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14

The role of the salt is to neutralize the charge of the DNA's sugar phosphate backbone. This makes the DNA less hydrophilic (less soluble in water). Ethanol has a lower dielectric constant than water so it's used to promote ionic bonds between the Na+ (from the salt) and the PO3- (from the DNA backbone) causing the DNA to precipitate.


7

The protocol I used in my genetics lab course was alkaline lysis followed by ethanol precipitation similar to this one. Nothing terribly toxic or requiring a fume hood (at least at the small volumes used). The more practical, reliable method is to use a miniprep kit (usually spin columns) from one of several suppliers (Qiagen, Promega, Bio-Rad, etc.) which ...


6

For the impatient, I'm going to say that probably if you only have a regular home freezer, its unlikely that you will be able to do this. If you have access to a -80C or liquid nitrogen storage its possible, but also less likely. Cloning an animal typically starts with the transplantation of a nucleus into an egg cell whose nucleus has been removed. So ...


6

Yes, you must fragment the genome in order to insert it into a vector for cloning; you can't "insert" the whole 5 Mbp genome of E. coli into a vector. It's difficult to transform cells with huge plasmids, 2-20 kbp is an optimal range. In any case, if you want a clone of the whole genome, wait 30 minutes and the cell will happily oblige you. Most ...


5

A dependable protocol for yeast DNA extraction I used to use was broadly similar to the protocols you cite but included an ethanol precipitation before and after the P:C extractions. The only expensive material was time. The general outline was: Alkaline lysis Ethanol precipitation RNase A treatment of resuspended DNA for 15 minutes Phenol:chloroform ...


5

I think the spin column kits are the way to go. As mentioned already, the benefits of the kits are that they are easy, safe, and (most importantly) how almost every actual lab does plasmid purification these days. The biggest criticism of the commercial kits is that you can get by easily without knowing anything about what is actually happening in the ...


3

For the precipitation you use different reagents: First you add salt under slightly acidic conditions to make sure that the DNA precipitates in a less polar environment. This is achieved by adding alcoholes like ethanol or isopropanol. It is commonly thought that a incubation at low temperatures enhances the results, but this is interestingly not true. ...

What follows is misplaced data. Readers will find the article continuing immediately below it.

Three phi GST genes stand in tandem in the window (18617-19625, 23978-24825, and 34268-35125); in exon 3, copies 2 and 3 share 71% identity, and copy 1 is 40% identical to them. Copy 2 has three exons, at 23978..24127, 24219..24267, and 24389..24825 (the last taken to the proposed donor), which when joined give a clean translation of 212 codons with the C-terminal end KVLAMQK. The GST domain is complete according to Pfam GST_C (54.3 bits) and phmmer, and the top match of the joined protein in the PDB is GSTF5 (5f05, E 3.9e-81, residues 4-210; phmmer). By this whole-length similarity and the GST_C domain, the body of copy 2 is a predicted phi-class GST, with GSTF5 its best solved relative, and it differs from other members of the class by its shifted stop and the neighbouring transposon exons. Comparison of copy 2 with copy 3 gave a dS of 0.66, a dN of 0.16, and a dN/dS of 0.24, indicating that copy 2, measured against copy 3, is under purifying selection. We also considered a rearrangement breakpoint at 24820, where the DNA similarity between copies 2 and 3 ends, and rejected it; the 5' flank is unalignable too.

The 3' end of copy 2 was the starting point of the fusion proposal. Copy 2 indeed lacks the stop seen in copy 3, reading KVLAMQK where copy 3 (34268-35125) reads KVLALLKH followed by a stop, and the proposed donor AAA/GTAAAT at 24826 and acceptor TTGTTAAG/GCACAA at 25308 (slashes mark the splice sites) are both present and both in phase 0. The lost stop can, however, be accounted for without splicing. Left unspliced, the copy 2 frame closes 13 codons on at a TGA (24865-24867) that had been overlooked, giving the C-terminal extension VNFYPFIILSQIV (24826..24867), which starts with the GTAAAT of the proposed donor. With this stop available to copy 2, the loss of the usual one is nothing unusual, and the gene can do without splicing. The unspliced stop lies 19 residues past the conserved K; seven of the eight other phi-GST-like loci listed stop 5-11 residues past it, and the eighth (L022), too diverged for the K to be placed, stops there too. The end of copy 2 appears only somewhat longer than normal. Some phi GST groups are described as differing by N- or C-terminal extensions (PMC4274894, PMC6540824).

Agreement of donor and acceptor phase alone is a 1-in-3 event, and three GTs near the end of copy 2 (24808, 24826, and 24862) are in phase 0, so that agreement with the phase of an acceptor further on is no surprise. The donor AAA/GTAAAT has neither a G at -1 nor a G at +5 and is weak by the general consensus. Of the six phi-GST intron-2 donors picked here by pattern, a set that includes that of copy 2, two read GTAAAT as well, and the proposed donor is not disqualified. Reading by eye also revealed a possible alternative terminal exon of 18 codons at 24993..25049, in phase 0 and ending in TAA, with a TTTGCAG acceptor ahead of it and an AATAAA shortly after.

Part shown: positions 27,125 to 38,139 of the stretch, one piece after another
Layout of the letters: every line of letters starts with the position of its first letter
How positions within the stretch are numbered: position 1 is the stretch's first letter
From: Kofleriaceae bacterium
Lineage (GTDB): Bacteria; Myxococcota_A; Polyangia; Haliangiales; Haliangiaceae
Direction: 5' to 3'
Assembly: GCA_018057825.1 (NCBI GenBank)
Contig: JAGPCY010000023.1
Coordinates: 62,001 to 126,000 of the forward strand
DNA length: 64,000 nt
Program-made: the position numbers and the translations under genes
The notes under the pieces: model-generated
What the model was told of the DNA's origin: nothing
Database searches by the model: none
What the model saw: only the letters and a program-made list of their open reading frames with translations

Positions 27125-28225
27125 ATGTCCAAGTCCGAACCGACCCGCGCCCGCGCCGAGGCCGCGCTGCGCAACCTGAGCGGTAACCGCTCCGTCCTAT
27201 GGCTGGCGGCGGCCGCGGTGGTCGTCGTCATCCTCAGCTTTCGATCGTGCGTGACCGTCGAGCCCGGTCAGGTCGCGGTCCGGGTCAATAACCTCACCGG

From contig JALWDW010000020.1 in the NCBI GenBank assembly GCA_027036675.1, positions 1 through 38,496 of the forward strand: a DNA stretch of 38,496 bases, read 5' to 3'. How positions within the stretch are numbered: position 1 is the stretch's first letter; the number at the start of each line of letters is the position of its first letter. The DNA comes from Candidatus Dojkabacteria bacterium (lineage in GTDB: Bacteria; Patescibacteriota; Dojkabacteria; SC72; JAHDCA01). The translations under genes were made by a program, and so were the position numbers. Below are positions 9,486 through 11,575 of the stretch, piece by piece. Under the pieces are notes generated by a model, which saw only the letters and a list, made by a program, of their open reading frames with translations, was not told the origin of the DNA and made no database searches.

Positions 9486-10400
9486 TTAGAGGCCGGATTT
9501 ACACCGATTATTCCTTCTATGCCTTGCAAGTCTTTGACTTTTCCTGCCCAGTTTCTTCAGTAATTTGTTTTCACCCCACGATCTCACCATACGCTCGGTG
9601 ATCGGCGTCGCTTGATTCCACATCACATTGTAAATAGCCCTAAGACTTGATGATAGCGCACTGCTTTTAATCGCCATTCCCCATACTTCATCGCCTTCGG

2

Here is the rough procedure that I've used to prepare cDNA before Extract RNA from desired tissue (select for mRNA using the polyA tail of mRNA) Conduct reverse transcription. This requires a primer complementary to the polyA tail to get the reverse transcriptase started (Edit:You could also use random primers to prime reverse transcription. This ...


2

Proteinase K activity is greatly increased by addition of denaturing agents like SDS or urea (Hilz et al., 2008), indicating that the denaturation of the substrates helps Proteinase K to degrade them. Increasing the temperature to 50°C will also unfold some proteins already, making it easier for the Proteinase K to degrade them. The proteinase K seems to be ...


2

I've successfully used the Zymoprep kit, but only for smaller plasmids in 2-hybrid experiments. So their cell lysis enzyme/buffer system works well, but I'd guess that your 42kb plasmid is precipitating out with the genomic DNA. The standard Qiagen midi columns are capable of capturing large constructs. This has worked wonders for me when I was purifying ...


1

CTAB forms insoluble complexes with nucleic acids and can be used to selectively precipitate them from solutions, see this reference: The isolation of bacterial nucleic acids using cetyltrimethylammonium bromide (Cetavlon) When you add NaCl in a concentration between 0.4 - 0.7M, the nucleic acids stay in solution, while polysaccerides and other ...



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